Far from the maddening crowd of the cities of India, secluding themselves in remote hills and jungles, live the adivasis, the natives of the land. The isolation has given each adivasi tribe a distinct culture, language, dress sense, ornamentation and food habit. One thing that however is common to them all is their way of entertainment through singing and dancing. They dance merrily in groups singing in chorus, playing indigenous instruments. Almost all adivasi groups have their own routine of group dancing. The dancing is mainly footwork, movement in circles and formations. The dance movements often is taken from their daily work, like reaping harvest, sowing seeds, grinding grains, hunting and fighting skills. Singing and dancing for them is often in the evening after a hard day’s work, or occasional, coinciding with marriage, harvesting, full moon day, spring and autumn seasons, religious beliefs and so on.
The melody, footwork and rhythm are the key elements of Adivasi dance. Though the dance forms have minimal facial expressions the collective expression of joy through body movements thrills the audience. The patterned movements of the dancers are varied, from slow and simple body movements to dynamic and rapid movements.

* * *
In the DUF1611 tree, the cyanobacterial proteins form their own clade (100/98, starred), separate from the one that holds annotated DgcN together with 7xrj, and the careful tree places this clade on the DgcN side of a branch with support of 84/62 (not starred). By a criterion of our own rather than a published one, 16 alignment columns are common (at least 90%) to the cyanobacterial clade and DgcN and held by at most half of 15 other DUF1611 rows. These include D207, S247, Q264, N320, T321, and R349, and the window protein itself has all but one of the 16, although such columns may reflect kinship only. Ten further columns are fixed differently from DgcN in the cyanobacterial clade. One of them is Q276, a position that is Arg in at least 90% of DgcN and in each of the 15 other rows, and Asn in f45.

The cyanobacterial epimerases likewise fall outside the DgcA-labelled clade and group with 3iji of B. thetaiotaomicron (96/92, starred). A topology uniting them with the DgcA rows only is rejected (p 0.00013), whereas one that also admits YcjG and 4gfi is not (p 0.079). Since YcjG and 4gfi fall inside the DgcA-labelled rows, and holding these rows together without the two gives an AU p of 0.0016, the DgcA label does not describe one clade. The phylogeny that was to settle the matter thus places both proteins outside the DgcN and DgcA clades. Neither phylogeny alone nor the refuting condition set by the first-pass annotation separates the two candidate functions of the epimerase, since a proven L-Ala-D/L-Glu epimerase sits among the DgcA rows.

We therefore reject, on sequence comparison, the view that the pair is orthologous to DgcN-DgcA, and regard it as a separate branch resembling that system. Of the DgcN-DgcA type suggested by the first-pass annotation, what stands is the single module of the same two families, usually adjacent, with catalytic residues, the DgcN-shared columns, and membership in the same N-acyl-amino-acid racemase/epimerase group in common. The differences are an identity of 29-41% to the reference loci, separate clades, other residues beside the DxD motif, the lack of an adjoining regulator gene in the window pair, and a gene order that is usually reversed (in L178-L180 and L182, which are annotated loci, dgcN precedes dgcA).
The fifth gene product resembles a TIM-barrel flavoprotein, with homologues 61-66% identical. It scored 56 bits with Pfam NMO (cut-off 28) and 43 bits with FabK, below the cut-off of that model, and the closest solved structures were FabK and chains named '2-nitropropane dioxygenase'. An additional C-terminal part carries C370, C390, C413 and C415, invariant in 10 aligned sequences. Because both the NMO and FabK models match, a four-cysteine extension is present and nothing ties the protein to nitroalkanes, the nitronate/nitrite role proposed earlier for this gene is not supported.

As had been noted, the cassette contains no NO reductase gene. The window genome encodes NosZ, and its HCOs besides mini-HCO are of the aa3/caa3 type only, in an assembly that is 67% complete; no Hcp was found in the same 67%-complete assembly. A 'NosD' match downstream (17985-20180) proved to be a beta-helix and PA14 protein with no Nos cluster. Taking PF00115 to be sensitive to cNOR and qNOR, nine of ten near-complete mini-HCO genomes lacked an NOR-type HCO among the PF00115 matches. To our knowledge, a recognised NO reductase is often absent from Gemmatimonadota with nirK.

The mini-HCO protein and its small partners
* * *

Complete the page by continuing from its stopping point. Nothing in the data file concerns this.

Santhali Dance, West Bengal, Jharkhand & Odisha
The most renowned are the dances of Santhals, the third largest tribe of India, found in West Bengal, Jharkhand, Orissa and Assam. Such is the rhythm of their Tamak, tumda drums that it is bound to touch the deep core of the heart. In the evening, with the flute Tirio playing, the women folk sing and dance in an arc, holding each other’s hand, with a lead drummer at the center. The rustic melody and the rhythm have universal appeal. They dance during Karam festival marking the end of rainy season and Disum sendra festival. The dancing has a boldness reflecting the nature of the Tudus, Murmus, Baskeys, Kore, Marandi, Soren and Hembroms.
Bamboo Dance, Mizoram
The bamboo dance of the Mizo people is also very famous. They wear feather headgears during dancing. With start of the earthly beats, men sitting on the ground both hands holding tightly onto one end of a bamboo each move the bamboos with the rhythm and young girls dance within the checkers i